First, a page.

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Business Barometer®: Newfoundland and Labrador small business confidence remains low

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St. John’s, January 27, 2017 – According to the latest Business Barometer survey results released by the Canadian Federation of Independent Business (CFIB), small business confidence in Newfoundland and Labrador is 46.0 in January. 

“The challenges being faced by many business owners in the province are real,” says Vaughn Hammond, Director of provincial affairs in Newfoundland and Labrador. “The economy, compounded by the provincial budget decisions in 2016, have put many business owners on the cusp of survival.” 

Four per cent of respondents are planning to add full-time staff, while 36 per cent expect to cut staff in the next three months. This is an indication the recent increases in the provincial unemployment rate will be reversed any time soon. 

In terms of their view about the general state of the economy, 38 per cent of entrepreneurs characterized it as “good” in December, while eight per cent of respondents described it as “bad”. 

Insufficient domestic demand was identified by 48 per cent of respondents as the biggest challenge for small business in Newfoundland and Labrador. Seventy-nine per cent consider tax and regulatory costs to be the largest cost constraint. 

The national Business Barometer Index held steady in January (60.1). Across Canada, entrepreneurs in Quebec (68.6) were the most optimistic about the economy and the future prospects for their business, followed by Manitoba (67.1), Nova Scotia and British Columbia (65.2), Prince Edward Island (64.6), New Brunswick (63.5), Ontario (63.4), Saskatchewan (55.0), Alberta (47.2), and Newfoundland and Labrador (46.0).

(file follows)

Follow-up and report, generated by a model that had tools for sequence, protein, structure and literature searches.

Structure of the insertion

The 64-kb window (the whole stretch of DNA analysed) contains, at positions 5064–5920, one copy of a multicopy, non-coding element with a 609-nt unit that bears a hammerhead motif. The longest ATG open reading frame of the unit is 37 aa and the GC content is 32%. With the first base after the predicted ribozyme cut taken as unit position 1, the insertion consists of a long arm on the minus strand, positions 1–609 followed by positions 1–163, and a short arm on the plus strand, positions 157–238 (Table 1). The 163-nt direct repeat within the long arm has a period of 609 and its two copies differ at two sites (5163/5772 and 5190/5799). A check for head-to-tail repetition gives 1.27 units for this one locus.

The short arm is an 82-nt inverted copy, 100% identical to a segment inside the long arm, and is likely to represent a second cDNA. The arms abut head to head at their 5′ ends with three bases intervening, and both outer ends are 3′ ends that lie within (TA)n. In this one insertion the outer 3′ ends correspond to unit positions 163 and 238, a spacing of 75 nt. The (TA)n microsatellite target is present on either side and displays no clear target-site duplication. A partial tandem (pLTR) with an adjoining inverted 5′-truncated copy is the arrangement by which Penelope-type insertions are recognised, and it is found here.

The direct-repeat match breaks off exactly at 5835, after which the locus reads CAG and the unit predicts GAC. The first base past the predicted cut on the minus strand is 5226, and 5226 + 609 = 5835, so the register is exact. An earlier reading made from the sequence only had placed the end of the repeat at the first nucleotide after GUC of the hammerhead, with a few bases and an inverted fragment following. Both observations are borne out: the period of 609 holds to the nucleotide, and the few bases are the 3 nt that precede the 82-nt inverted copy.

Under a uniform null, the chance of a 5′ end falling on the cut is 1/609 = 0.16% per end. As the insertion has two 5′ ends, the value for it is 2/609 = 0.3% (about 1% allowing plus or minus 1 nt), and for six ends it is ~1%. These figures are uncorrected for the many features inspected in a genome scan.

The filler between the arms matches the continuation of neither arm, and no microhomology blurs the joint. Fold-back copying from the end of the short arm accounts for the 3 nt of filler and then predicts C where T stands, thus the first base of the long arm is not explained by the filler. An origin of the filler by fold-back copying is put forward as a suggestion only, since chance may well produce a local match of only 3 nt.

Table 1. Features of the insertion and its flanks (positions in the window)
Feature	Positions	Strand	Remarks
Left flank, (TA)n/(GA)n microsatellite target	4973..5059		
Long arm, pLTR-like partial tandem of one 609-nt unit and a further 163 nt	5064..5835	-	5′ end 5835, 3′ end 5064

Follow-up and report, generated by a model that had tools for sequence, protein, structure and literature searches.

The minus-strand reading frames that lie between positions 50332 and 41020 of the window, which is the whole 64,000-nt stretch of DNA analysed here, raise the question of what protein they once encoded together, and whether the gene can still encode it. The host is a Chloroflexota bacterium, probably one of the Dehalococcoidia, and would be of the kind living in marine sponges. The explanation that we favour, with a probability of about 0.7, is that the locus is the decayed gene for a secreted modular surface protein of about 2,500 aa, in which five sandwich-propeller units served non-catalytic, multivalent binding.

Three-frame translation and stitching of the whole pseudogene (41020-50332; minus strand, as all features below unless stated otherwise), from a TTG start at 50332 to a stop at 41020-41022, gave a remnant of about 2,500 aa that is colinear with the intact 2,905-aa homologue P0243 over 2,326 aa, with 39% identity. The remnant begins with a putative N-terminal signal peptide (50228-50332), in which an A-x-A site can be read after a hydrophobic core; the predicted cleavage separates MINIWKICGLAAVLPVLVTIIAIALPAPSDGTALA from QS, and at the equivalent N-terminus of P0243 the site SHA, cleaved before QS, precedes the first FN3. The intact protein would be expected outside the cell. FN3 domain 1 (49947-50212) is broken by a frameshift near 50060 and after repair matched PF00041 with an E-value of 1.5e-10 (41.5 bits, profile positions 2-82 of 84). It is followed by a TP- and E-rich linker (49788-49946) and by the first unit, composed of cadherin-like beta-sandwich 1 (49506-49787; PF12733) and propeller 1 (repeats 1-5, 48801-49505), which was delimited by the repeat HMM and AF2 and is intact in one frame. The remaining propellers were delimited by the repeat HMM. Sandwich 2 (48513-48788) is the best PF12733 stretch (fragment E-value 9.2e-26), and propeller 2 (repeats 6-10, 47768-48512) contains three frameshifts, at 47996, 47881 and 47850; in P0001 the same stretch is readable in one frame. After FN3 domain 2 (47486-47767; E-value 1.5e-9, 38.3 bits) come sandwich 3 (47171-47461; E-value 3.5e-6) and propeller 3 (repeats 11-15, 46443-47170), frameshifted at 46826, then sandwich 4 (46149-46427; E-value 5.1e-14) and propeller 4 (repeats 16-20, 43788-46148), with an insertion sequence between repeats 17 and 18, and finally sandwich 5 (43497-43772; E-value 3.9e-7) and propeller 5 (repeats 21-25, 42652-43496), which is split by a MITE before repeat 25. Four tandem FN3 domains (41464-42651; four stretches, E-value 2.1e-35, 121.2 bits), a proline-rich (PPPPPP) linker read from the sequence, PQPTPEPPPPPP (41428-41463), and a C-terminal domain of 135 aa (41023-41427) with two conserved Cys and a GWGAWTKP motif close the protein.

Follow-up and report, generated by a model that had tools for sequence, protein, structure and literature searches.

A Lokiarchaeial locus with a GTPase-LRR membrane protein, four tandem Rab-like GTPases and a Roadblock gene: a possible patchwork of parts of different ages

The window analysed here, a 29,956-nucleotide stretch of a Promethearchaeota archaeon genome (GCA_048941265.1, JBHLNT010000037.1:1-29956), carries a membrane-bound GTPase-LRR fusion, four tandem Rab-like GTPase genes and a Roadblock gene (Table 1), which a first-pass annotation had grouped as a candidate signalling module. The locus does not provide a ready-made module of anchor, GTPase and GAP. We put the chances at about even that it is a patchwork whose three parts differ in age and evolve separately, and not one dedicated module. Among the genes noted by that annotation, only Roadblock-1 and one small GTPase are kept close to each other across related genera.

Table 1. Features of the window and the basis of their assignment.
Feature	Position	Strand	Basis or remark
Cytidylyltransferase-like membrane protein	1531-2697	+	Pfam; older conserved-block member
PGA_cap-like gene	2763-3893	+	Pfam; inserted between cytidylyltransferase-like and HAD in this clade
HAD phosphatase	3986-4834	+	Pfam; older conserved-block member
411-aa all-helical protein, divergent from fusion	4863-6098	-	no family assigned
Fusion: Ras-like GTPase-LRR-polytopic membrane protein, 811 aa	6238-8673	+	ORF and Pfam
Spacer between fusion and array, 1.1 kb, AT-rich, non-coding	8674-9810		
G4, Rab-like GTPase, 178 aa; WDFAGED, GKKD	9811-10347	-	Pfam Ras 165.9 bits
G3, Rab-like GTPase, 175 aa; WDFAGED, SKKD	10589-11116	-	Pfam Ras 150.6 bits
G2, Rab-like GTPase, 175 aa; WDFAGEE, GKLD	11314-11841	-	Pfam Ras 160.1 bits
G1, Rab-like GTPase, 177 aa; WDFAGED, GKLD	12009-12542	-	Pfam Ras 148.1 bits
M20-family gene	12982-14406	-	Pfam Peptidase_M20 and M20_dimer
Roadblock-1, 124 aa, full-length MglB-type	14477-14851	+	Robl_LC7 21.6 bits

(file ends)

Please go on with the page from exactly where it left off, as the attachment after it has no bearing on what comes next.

More details about the Business Barometer are available at www.cfib.ca.  To arrange an interview with Chief Economist, Ted Mallett, about the national results, please call 1-416-222-8022.  To speak with Vaughn Hammond, please call 753-7745. 

About the Business Barometer: Measured on a scale of 0 and 100, an index level above 50 means owners expecting their businesses’ performance to be stronger in the next year outnumber those expecting weaker performance.  According to past results, index levels normally range between 65 and 75 when the economy is growing at its potential. December 2015 findings are based on 782 responses, collected from a stratified random sample of CFIB members, to a controlled-access web survey. Data reflect responses received through January 16. Findings are considered accurate to +/- 3.5 per cent 19 times in 20. 

About CFIB: As Canada’s largest association of small and medium-sized businesses, CFIB is Powered by Entrepreneurs™.  Established in 1971, CFIB takes direction from more than 109,000 members in every sector nationwide, including 2,000 in Newfoundland and Labrador, giving independent business a strong and influential voice at all levels of government and helping to grow the economy.